South Fork & Henry's Fork Fishing Reports

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Fishing Reports

Jimmy's All Seasons Angler / Fishing Reports (Page 58)

Still Waters 7-17-18

Sand Creek Ponds 2

Sand Creek Ponds are now open to boat fishing, but we have yet to receive fishing success information to pass on. Anyway, speckled dun and damselfly life cycle  and leech patterns should be in your fly box when you visit. Present these on floating lines in the shallow waters and intermediate lines in the deeper waters along the rip-rap. Early mornings are the best time to avoid crowding at this popular still water.  Horseshoe Lake is another place you can avoid crowding just about any time. A bonus for fishing here is the presence of grayling. Best success at Daniels is to fish midge pupa deep (that means ten to twelve feet) under an indicator.  As all our still waters begin warming during summer look for fish to seek the coolest water. That means look for them to frequent depth, submerged springs, and inlets.


Southwestern Montana 7-17-18

Another grayling

Giant and golden stonefly fly adults on the Madison River are moving through the river in the Hebgen Lake area. So the river there is being heavily fished. Same is going on in Yellowstone Park where the Madison’s PMDs, caddis, sallies, and big stonefly remnant are bringing on fly-fishers in big numbers. Getting away from the crowds is easy if you enjoy fishing Montana’s Centennial Valley waters.  Besides tranquility, the good news here is that grayling seem to be in good numbers in Red Rock Creek.   And they are present in several year classes.  Speckled duns and adult damsel flies are providing interest to Elk Lake cutthroat and Hidden Lake rainbows especially during days with less wind, and Elk Lake Resort is serving scrumptious dinners.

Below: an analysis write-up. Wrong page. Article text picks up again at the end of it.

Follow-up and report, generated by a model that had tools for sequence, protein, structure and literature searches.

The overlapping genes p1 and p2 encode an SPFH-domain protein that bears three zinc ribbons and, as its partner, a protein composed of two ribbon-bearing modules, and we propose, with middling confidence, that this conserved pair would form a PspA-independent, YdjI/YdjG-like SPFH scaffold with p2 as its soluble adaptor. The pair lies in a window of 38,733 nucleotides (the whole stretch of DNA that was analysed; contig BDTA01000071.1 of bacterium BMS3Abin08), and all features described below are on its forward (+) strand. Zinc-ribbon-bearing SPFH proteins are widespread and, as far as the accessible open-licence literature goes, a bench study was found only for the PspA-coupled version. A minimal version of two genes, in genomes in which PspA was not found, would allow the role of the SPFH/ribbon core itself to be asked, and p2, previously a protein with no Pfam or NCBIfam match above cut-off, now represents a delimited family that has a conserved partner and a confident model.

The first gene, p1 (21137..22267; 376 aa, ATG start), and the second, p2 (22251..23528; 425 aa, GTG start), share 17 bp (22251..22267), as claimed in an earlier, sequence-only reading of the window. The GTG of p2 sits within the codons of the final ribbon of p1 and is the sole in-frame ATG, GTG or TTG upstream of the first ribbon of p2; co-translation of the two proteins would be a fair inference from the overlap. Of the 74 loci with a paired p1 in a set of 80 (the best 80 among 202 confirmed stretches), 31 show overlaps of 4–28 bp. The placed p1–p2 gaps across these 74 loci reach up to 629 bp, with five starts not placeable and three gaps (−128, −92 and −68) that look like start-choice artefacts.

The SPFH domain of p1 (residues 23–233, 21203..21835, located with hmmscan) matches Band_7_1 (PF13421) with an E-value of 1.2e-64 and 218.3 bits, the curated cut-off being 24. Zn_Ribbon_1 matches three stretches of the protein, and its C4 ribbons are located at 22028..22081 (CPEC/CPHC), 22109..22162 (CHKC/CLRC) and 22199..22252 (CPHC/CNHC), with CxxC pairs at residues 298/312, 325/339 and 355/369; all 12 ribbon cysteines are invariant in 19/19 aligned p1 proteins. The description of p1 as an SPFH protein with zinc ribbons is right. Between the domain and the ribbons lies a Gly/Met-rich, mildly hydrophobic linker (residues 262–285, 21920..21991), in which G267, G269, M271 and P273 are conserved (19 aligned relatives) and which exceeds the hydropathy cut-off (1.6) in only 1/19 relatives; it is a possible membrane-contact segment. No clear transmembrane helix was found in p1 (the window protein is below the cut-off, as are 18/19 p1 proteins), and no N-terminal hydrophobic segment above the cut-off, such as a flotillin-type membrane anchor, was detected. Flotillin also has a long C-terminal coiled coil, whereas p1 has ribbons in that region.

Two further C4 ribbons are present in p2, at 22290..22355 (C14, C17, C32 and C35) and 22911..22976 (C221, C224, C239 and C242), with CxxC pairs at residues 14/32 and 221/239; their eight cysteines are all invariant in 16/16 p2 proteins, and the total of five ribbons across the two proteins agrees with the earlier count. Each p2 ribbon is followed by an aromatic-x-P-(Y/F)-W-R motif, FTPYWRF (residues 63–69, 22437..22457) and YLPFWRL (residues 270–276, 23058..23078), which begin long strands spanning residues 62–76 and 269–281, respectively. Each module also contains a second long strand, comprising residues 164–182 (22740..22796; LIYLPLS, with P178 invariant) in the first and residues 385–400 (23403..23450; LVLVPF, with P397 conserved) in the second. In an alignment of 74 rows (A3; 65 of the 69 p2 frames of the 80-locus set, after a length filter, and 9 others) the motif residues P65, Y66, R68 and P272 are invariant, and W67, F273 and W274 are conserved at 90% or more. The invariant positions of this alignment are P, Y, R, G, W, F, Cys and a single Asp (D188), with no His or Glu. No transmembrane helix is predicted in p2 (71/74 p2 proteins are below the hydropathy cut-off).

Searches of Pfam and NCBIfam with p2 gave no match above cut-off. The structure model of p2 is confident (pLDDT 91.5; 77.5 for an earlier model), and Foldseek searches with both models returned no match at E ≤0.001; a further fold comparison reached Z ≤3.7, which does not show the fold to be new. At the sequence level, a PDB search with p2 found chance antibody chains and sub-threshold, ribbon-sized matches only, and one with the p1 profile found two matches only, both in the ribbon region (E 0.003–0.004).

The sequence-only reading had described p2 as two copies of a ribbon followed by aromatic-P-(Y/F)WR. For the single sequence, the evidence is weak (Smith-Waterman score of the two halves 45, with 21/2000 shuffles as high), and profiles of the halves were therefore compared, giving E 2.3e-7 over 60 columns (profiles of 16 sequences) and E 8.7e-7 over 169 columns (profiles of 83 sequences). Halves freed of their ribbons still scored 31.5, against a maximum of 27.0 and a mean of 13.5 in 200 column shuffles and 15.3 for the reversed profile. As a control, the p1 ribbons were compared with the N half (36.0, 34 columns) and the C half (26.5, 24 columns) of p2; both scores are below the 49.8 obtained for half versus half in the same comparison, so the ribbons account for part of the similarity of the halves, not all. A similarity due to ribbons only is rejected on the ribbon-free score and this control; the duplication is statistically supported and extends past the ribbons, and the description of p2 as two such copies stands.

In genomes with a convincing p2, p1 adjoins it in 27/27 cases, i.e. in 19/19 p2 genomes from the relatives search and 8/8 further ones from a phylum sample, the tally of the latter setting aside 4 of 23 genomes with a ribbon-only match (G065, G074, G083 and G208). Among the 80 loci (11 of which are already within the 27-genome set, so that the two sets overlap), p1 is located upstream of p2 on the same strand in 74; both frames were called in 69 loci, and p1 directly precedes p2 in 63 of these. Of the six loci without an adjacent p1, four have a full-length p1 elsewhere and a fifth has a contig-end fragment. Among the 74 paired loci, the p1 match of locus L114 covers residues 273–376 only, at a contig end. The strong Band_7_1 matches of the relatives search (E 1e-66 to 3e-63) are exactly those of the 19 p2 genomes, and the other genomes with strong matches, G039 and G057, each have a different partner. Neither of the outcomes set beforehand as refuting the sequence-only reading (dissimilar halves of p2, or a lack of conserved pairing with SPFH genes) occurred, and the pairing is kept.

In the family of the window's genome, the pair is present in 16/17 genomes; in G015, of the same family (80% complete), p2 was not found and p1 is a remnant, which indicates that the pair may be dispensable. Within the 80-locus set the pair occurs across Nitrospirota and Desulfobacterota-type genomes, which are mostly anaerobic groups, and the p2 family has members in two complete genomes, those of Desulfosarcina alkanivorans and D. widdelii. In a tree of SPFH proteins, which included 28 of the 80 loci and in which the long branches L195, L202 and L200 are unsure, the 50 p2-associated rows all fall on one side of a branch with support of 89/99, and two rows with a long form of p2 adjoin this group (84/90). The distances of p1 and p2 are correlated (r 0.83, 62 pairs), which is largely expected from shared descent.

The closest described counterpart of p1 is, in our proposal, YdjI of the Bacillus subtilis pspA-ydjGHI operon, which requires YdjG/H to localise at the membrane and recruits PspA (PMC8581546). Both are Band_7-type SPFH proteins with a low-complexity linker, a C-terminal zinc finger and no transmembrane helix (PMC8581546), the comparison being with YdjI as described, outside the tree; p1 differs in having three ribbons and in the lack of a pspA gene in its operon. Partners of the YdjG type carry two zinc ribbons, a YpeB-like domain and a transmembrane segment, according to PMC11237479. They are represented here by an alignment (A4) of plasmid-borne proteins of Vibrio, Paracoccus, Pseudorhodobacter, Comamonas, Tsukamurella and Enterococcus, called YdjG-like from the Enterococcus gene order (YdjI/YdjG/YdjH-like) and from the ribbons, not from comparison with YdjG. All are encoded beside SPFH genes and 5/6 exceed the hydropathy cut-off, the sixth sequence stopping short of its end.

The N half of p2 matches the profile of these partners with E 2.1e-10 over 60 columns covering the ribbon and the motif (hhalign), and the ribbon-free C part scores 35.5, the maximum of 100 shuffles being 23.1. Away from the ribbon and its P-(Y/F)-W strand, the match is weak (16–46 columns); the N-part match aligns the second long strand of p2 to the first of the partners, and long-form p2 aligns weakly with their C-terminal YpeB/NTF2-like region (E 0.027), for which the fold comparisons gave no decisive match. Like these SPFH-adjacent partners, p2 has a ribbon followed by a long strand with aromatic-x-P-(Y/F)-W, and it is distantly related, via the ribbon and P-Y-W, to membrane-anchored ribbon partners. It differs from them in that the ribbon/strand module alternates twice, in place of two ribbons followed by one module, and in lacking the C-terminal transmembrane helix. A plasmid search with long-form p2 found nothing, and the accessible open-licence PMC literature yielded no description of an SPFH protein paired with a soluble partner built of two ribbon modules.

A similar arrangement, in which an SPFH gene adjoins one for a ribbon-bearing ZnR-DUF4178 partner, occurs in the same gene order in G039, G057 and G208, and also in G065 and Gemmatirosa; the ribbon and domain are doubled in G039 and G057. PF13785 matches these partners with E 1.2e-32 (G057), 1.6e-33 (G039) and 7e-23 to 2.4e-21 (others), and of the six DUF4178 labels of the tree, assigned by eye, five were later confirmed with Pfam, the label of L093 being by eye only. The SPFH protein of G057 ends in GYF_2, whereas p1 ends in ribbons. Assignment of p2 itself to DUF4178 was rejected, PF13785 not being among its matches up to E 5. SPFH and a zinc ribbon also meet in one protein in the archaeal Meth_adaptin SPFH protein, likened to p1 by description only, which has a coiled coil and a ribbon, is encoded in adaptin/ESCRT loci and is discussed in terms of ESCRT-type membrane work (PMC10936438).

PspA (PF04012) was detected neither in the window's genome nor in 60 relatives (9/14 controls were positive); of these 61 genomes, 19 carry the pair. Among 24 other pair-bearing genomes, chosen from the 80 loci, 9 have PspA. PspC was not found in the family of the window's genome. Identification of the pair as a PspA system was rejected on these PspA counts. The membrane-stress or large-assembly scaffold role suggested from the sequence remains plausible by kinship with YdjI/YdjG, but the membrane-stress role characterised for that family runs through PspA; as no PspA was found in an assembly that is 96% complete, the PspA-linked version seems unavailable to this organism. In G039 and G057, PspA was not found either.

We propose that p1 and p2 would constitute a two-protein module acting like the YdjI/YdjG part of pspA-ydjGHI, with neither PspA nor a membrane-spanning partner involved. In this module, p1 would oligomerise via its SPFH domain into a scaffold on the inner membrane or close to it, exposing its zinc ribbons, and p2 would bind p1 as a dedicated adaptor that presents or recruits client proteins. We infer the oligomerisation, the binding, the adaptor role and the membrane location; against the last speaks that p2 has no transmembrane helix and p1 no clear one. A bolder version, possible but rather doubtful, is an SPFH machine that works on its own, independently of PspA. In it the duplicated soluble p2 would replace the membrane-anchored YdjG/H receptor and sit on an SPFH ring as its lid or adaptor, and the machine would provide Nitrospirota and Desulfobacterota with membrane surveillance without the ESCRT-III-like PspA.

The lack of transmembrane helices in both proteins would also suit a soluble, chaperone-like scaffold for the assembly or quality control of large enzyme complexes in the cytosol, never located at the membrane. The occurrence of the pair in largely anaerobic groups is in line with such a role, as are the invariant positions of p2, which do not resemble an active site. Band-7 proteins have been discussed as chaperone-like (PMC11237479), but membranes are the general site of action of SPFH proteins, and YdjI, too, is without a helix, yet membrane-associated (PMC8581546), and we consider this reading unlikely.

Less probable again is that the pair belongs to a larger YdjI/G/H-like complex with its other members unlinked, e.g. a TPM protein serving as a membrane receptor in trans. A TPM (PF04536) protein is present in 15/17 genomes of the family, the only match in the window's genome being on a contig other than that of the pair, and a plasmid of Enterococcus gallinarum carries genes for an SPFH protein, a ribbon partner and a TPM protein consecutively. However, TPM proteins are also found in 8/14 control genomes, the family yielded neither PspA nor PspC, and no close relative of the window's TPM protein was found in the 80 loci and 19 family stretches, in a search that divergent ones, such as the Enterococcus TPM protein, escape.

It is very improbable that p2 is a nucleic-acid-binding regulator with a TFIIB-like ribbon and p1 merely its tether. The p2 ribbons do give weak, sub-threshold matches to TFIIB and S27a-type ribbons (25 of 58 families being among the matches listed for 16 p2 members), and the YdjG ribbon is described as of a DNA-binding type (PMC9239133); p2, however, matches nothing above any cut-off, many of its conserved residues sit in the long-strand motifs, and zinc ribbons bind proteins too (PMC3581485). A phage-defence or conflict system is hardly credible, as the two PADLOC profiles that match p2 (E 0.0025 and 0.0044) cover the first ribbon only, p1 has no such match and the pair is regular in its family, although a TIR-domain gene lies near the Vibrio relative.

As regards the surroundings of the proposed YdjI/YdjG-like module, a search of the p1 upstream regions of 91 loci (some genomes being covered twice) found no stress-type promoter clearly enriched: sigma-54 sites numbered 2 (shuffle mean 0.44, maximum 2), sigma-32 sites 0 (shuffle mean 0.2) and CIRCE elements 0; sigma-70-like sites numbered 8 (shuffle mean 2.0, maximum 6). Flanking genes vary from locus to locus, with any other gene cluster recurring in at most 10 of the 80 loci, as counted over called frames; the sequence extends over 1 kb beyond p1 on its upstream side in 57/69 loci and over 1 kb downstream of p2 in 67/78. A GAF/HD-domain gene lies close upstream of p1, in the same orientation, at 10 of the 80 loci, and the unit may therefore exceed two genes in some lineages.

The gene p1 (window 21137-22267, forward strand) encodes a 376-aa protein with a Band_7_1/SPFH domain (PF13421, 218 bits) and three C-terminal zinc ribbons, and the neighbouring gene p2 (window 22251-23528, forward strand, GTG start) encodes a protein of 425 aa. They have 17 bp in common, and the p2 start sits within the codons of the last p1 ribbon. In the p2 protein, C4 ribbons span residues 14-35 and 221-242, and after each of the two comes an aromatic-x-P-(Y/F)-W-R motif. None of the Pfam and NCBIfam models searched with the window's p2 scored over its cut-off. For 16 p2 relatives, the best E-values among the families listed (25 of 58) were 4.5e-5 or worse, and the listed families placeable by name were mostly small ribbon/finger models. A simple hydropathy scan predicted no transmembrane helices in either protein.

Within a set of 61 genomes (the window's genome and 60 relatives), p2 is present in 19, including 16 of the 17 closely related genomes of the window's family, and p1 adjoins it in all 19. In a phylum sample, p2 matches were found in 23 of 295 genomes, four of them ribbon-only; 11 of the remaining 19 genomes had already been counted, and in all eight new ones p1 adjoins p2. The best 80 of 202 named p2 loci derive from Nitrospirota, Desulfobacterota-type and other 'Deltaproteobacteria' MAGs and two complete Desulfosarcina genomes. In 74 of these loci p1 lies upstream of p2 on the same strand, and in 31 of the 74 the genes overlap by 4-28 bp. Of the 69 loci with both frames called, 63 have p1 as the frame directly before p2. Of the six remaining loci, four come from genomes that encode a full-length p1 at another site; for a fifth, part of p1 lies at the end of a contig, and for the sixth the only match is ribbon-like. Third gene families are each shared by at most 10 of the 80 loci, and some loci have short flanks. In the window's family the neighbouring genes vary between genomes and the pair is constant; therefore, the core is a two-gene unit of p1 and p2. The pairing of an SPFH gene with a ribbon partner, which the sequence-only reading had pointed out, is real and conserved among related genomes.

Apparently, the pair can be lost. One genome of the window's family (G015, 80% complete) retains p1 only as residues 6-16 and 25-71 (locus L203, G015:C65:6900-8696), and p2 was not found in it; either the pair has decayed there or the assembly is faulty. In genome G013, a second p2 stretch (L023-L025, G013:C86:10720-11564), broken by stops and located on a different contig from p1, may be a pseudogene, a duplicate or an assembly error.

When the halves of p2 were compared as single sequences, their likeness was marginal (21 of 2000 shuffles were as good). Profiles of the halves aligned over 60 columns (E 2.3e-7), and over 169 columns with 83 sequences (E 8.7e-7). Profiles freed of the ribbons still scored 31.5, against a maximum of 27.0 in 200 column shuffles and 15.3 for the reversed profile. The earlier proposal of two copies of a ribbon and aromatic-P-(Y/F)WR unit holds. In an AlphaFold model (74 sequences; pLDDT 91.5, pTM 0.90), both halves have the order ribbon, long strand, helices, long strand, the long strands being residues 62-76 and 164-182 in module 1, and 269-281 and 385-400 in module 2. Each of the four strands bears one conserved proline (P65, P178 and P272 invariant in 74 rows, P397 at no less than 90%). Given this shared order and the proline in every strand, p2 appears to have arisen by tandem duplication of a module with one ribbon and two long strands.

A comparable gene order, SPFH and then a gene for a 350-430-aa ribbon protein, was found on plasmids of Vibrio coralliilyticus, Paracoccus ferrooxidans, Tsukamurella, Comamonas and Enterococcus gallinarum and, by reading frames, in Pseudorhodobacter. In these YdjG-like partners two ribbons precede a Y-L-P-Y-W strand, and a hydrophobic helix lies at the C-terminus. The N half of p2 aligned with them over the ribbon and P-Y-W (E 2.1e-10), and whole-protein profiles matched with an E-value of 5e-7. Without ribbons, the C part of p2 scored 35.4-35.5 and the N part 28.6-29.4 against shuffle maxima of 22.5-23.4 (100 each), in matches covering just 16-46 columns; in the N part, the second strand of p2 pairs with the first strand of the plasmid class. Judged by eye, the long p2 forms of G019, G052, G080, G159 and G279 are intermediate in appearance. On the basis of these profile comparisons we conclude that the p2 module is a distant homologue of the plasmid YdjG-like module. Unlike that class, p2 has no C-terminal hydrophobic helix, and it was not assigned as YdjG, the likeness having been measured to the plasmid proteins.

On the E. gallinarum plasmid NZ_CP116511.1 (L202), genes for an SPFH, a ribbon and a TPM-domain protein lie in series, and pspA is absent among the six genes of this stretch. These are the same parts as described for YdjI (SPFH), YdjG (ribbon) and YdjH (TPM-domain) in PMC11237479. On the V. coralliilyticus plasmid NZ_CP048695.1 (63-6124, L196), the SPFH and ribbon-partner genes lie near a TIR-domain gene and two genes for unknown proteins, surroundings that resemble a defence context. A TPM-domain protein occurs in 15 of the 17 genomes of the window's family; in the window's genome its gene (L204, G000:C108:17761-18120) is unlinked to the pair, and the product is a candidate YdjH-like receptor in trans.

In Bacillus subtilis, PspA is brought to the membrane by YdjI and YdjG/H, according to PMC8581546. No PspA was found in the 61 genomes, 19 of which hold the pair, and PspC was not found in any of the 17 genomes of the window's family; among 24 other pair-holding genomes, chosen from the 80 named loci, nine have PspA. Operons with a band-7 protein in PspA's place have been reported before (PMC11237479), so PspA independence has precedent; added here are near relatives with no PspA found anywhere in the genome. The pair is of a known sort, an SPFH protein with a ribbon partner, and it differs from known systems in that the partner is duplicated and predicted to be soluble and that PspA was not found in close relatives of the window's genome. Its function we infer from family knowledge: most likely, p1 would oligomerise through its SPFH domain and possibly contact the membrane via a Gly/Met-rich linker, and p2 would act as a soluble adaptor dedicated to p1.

Henry’s Fork 7-14-18

Twin Bridges Ramp 05-01-11

If you intend to fish Box Canyon, be aware that daytime waterborn recreationists are almost as numerous as those at Mack’s Inn. So for fewer interruptions consider visits scheduled early and late in the day.  Do the same with the lower river (Warm River to Chester)  but for different reasons. Those reasons are the lower flows and warmer weather bringing on rising water temperatures that make fish less active during mid-day. If you want to fish with company, try the Harriman east part of the river where flavs and brown drakes are making for many visiting fly fishers.


South Fork 7-10-18


Lower South Fork